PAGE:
Beyonce’s depicts Igbo Landing in music video ‘Love Drought’

By way of Facebook I came across Beyonce’s ‘Love Drought’ video and its depiction of “Igbo Landing” an act of mass resistance by Africans against slavery.

Beyonce’s video draws inspiration from an act of resistance against slavery, popularly known as the Igbo Landing. The story of Igbos who were brought to America to be slaves but vowed to drown themselves than be slaves in a foreign land. 

beyonce igbo landing

Igbo (Ebo/Ibo) Landing 

“For those who don’t know, Igbo Landing is the location of a mass suicide of Igbo slaves that occurred in 1803 on St. Simons Island, Georgia. As the story goes, a group of Igbo slaves revolted and took control of their slave ship, grounded it on an island, and rather than submit to slavery, proceeded to march into the water while singing in Igbo, drowning themselves in turn.

They all chose death over slavery. It was an act of mass resistance against the horrors of slavery and became a legend, particularly amongst the Gullah people living near the site of Igbo Landing” Mikael Owunna

beyonce igbo landing slaveryThese events have had enduring symbolic importance in African-American folklore and literary history. The mutiny by the Igbo people has been referred to as the first ‘freedom march’ in the history of America. Although for more than two centuries most authorities considered the accounts to be an Afro-American folktale, research since 1980 has verified the factual basis of the legend and its historical content.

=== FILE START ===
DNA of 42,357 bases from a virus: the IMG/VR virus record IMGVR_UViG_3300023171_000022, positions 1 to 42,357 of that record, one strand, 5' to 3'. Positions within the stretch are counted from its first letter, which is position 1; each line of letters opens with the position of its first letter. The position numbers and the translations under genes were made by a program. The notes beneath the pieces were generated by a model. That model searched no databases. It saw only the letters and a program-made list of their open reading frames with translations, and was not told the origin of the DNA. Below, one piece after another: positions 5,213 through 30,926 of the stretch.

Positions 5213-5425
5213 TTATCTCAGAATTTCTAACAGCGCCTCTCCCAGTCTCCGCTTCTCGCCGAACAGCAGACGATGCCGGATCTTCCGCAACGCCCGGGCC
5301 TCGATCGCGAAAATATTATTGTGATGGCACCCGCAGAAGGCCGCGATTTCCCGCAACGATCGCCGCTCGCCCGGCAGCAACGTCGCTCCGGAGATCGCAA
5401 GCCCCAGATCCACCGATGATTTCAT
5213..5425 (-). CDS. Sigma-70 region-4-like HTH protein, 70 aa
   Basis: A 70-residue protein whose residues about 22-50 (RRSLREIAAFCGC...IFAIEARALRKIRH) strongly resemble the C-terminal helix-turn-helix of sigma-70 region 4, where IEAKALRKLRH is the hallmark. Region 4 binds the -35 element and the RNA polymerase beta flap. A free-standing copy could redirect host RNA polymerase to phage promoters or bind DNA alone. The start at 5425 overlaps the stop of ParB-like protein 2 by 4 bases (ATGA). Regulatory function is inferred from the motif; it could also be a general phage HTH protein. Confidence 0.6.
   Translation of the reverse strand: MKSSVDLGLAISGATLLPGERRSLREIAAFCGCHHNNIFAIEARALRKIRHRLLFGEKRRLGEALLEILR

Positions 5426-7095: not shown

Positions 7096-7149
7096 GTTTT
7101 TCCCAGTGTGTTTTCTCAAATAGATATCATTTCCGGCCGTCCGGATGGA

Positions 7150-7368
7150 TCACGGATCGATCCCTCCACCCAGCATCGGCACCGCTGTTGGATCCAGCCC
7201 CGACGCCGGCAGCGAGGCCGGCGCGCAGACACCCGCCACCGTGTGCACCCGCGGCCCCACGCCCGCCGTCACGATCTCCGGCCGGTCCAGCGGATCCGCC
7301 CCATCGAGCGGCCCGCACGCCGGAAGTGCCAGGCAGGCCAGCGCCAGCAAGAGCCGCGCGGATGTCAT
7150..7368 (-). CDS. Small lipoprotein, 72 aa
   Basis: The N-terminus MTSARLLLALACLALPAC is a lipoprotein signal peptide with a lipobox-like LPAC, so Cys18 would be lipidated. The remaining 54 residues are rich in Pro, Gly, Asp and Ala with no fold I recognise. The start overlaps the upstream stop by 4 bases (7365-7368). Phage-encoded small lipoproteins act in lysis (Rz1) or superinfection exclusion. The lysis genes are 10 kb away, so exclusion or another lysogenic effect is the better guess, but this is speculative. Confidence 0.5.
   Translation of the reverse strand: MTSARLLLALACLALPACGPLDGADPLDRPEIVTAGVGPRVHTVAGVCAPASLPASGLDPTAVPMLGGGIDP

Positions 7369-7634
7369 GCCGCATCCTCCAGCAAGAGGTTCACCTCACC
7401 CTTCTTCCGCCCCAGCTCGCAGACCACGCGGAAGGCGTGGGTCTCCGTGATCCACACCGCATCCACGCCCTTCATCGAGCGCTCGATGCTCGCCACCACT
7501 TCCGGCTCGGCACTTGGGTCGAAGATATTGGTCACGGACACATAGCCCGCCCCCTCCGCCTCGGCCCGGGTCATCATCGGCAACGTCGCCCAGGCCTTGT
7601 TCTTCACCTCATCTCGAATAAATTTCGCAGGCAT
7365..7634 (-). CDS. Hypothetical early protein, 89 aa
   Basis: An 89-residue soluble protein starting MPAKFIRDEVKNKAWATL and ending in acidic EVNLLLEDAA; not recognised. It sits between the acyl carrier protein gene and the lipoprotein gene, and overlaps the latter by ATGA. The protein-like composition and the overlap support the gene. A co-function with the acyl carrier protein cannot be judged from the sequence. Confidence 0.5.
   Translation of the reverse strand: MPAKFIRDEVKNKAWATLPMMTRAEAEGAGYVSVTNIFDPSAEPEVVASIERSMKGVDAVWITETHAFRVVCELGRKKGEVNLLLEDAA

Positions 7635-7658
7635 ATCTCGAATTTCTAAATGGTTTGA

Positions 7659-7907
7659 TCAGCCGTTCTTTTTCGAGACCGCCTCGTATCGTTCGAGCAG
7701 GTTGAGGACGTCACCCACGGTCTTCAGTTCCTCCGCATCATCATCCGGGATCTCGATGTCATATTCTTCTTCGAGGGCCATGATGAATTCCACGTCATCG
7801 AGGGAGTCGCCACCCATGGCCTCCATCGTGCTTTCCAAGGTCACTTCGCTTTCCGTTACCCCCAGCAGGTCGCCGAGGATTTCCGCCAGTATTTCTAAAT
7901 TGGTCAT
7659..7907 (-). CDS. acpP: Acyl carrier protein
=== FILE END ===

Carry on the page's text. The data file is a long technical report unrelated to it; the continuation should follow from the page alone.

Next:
Beyonce’s entire video is set in occurs in a marshy, swampy landscape which is very reminiscent of what the shores of slave landing will be like, and in addition there’s a lot of random imagery that points to the slave trade and landings. One of them is seeing Beyoncé physically bound in ropes, and trying to resist the pulling.

Though, I continue to remain wary of the ‘Beyonce Agenda’, this is one of the several recent artistic references Beyonce has made to African history and discourse related to Pan-African popular culture. It’s great she’s referred to it and brought an important movement in African American history to the present day. 

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